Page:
Because of this revolutionaries should be participating and highlighting the roots of queer oppression to the largely queer liberal volunteers. Revolutionaries should be revealing the forms capitalist oppression used against queer people, they should be engaging the non-revolutionary and informing them of marriage’s history, the nature of capitalism, and the history of the once radical gay liberation movement, prying them away from reformism.

America after Marriage Equality

There was once a time in history when the then recently emerged gay liberation movement was headed by revolutionaries and radicals. Yet due to their overwhelming queerphobia the Left refused to assist the burgeoning movement and in due time reformists and liberals of all shades co-opted the cause. However, with the modern upsurges and forward momentum the left has a chance to redeem itself. They have a chance to sweep into the marriage debate, radicalize voices, and attract new converts.

Assuming this transpires what would be the result? Assuming revolutionists are active, perform their duties well, and aspire with the movement and stand with the queer community until the end winning marriage equality, what happens?

Two things happen: a whole generation of mostly young activists is radicalized, older people enlist in the revolutionary struggle and the battle against marriage as an institution begins.

The first concept does not need much, if any, exposition; currently the left is weak, the queer equality movement is in full swing and leftist participation is dependent on capturing new blood to engorge the “Party” ranks which in turn lead to a queer community with a new goal, a new direction in mind.

It is the second concept; however, that probably needs some explaining: the battle against marriage can begin. What does this mean?

Revolutionary communists know that marriage is a bourgeois institution. One which we have sworn to fight as it helps uphold the capitalist mode of production. As we moved past our petty-bourgeois musings about same-sex marriage, however, and conceded to helping the queer working class grab what is theirs, we also educated the masses in our epistemology. Most importantly we allowed all people, regardless of attraction, to feel the confining nature of sealed monogamous relationships. We knowingly allowed homosexuals to partake in marriage, thus saving it from continued decay, because we could not deny our brothers and sisters the same rights we enjoyed. We did this so we could convert new energy for the destruction of marriage.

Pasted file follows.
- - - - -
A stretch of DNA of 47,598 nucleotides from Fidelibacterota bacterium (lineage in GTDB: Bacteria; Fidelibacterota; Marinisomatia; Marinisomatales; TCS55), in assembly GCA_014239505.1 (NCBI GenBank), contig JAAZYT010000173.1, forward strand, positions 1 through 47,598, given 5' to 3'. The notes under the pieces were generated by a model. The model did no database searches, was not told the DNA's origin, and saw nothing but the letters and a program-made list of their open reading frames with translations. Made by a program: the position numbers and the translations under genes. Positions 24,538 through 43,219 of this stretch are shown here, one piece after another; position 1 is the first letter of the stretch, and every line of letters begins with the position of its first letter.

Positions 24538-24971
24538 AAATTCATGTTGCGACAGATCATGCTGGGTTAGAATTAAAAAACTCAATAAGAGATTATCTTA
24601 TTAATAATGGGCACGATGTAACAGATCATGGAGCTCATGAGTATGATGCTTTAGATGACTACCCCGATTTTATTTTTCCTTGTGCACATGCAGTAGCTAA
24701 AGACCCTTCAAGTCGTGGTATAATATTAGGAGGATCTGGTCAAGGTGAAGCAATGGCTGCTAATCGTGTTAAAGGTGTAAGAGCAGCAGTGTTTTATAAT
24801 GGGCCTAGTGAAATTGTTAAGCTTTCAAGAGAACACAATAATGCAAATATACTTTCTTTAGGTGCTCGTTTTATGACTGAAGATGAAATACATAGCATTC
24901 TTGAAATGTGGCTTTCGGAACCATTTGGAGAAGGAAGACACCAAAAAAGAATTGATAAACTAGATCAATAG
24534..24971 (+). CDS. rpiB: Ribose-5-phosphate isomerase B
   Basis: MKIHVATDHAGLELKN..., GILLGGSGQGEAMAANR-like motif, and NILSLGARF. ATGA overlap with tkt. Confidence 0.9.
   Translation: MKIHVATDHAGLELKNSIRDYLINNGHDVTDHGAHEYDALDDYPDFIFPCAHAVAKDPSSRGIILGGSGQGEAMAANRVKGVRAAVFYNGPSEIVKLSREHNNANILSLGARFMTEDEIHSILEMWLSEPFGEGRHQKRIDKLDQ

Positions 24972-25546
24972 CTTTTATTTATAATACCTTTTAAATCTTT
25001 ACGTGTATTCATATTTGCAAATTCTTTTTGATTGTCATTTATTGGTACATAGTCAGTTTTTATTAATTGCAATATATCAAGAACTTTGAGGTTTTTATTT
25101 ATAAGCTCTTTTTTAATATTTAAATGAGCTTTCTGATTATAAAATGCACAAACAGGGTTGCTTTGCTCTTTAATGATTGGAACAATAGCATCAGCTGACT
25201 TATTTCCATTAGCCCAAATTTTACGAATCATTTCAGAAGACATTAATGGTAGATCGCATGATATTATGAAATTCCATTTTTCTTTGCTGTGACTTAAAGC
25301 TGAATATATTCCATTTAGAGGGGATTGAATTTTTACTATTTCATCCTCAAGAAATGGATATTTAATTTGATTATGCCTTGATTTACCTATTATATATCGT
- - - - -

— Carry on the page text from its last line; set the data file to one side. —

As any parent must understand, weathering a child’s tantrum can be a headache. The same is so of movements which desire conservative outcomes (marriage), of movements which no matter how we might wish it, we cannot force them to change their goals. However, as the parent knows that the quickest way to end the tantrum is to give the child what it wants, we as communists know that the surest way to repair our image is to revolutionize this otherwise reformist wave. We know that after the storm, when the hordes of gay and lesbian couples realize what a travesty marriage is, the workers who once fought for inclusion in this societal tradition will eventually be on the same level of consciousness as their heterosexual counterparts: marriage being not in their interests as a collective.

Another unexpected result of this unfolding would be the decline of identity politics among the queer community. For far too long such a scourge has affected the community dividing the queer workers from their non-queer counterparts. Satisfied as the queer workers may be with marriage such ideologies would dwindle as a major roadblock towards their integration vanishes. Partly because the main divide between the two vanishes the decline of identity politics, of “my need is more important than your need”, will gradually break as well.

Once this conclusion has been reached, and all sectors of the working class are on the same page, the battle against marriage, against a major pillar of the bourgeoisie’s favored productive mode, can begin in earnest.